KUDIAKAM PAN: Just a few days after the 2019 General Election on October 28, before the new president could even be inaugurated, a landmark study came out. Published in the distinguished British scientific journal, Nature, the study concluded that Botswana is the ancestral homeland of all humankind.
Although the news made headlines across the world following the published study, at some point beating both US President Donald Trump’s then impending impeachment trial and Brexit blockbusters, Botswana was still busy reeling from the elections aftermath, and focused on its local politics.
Exactly four months since publication of the explosive study, last weekend its leading researcher, Professor Vanessa Hayes made her first visit to Botswana for the Human Origins Seminar in Maun.
Professor Hayes is a South African-born Australian geneticist based at the Garvan Institute of Medical Research in Sydney.
Her research is based on using human DNA code to define origins, evolution and diseases. Hayes comes from a school of thought that to understand human diseases defined by our genetics (e.g cancer), we need to understand what has made us all survivors and to understand human survival, we must trace our genetic history back to our common family.
Hayes has spent 10 years in Namibia with the Khoisan conducting a study that eventually pinpointed to across the border in Makgadikgadi Pans, Botswana as the specific area where all the 7.7 billion humans’ common family originated - a cradle of human kind.
“When you publish a paper about Human origins, the word ‘human’ suddenly becomes awfully vague,” this was said by Professor Hayes when she was questioned to show where the great apes, from Australopithecus to Homo Erectus fit in her explosive discovery.
She explained that most archaeologists and geneticists agree that modern humans – Homo Sapiens - have been living on earth since 200,000 years ago. Professor Hayes admits that indeed humans share a common ancestor with the great apes, including chimps and gorillas as researchers have already proposed, but she has strong objections on the evolution theory.
Inside a fully packed conference room at Crocodile Camp, Professor Hayes displayed a famous illustration showing the human evolution from apes to modern human and described it as the “misleading picture of all time”.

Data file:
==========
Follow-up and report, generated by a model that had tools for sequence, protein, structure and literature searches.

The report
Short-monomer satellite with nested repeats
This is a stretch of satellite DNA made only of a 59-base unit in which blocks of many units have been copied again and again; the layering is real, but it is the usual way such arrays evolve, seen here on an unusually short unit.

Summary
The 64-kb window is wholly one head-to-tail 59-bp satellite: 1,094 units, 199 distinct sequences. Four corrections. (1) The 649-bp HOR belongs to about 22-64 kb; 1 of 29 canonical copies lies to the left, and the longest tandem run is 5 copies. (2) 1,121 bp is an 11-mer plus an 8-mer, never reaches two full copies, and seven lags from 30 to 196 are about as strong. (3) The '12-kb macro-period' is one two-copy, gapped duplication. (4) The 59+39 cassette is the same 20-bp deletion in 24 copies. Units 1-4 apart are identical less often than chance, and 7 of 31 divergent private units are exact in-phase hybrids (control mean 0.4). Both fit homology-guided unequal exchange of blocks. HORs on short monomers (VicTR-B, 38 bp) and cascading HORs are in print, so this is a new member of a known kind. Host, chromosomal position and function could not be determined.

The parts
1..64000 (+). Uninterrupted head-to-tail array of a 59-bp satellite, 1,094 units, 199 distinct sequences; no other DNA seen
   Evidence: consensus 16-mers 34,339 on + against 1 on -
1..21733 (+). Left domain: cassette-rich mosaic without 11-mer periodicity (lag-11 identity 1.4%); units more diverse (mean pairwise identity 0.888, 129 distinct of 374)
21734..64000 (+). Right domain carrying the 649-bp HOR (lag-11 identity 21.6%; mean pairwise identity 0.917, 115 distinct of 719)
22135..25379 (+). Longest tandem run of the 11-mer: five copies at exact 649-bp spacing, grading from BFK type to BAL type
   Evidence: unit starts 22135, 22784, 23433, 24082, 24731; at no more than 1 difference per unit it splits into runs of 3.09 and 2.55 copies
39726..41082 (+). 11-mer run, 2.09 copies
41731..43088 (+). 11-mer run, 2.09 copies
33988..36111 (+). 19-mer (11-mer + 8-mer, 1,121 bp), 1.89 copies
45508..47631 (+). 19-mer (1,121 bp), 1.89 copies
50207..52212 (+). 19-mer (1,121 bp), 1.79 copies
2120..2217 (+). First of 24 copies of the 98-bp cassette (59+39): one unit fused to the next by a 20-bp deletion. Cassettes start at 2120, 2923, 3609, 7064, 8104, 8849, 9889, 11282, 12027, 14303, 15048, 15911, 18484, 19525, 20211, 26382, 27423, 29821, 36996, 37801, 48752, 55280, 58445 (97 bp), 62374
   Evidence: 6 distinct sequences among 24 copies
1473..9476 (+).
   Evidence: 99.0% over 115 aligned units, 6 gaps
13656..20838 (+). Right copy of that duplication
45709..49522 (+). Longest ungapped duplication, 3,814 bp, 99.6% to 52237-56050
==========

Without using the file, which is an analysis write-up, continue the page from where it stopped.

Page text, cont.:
She said it was undeniable that we share 99% of our DNA with chimps, but that one percent difference equates to about five to six million years.
The geneticist said they have no idea what our common ancestor looked like, and only until they find a skeleton and get its DNA sequence would they know.
The first gorilla that had its first DNA sequenced was a 30-year-old female one from the San Diego Zoo in 2008.
So Hayes questions, “How could we have evolved from a chimp if the chimp is living today?”
Hayes said their research focused on Homo Sapiens, a species of primate notable for its rounded skull, small face, prominent chin, advanced tools, high intelligence and sophisticated culture.
“Our study only pointed to modern human family, who has been living on earth since 200,000 years ago,” she said.
Hayes’ study went further than other previous researches by pinpointing an exact area where the alleged first family originated. Some archaeologists using fossil evidence had suggested that modern humans came from eastern Africa.
Hayes said their study, conducted through maternal DNA data from more than 1,200 people in Namibia and South Africa, proposes that the modern human first family lived near Makgadikgadi in Botswana for 70,000 years before climate change led to the first migrations.
On her maiden seminar in Maun, the renowned geneticist started her talk with an Aboriginal ritual called ‘Welcome to Country’. She explained that it was a “ritual that is performed to say thank you to the ancestors of that land you are standing on”.
She highlighted the significance of performing the ritual in Botswana before saying, “Welcome to Homeland. Welcome to Makgadikgadi”.
In the following morning Department of Museums took Hayes on a tour to Makgadikgadi led by the National Museum’s chief archeologist, Phillip Segadika. The entourage visited the Kudiakam Pan where the so-called Baines Baobabs (named after 19th century explorer Thomas Baines) are located.
It was the very first time Professor Hayes stepped on the white sands of the area that she just made famous globally by declaring as the human’s ‘Homeland’. She described the moment as “surreal”.
Government through the Department of Museum and Monuments, and University of Botswana’s Okavango Research Institute promised to forge partnerships with researchers including Hayes to stimulate research in the Makgadikgadi.
Landscape archaeologist, Dr Sarah Mothulatshipi said the Hayes homeland study actually complements their ongoing research work in the Makgadikgadi. She presented that researchers have largely neglected Makgadikgadi, but their work, especially in the Ntwetwe Pan has uncovered some interesting Stone Age artifacts.
Botswana National Museum said it has a record of 30 Middle Stone Age (around 200,000 years ago) sites that had the presence of actual formal tools.
Minister of Environment, Natural Resources, Conservation and Tourism, Philda Kereng said the research would assist Makgadikgadi Pans to be listed as a UNESCO World Heritage Site as they have proposed for its listing. Currently there are only two World Heritage Sites listed in Botswana, which are Tsodilo Hills and the Okavango Delta.
Interestingly, both archaeological evidence and DNA research have shown the connection of Tsodilo Hills, Okavango Delta and Makgadikgadi Pans.
The Minister also said Hayes’ homeland study gives an opportunity for the revitalised branding of the Makgadikgadi as a cradle and a fresh tourism trail that will highlight key sites.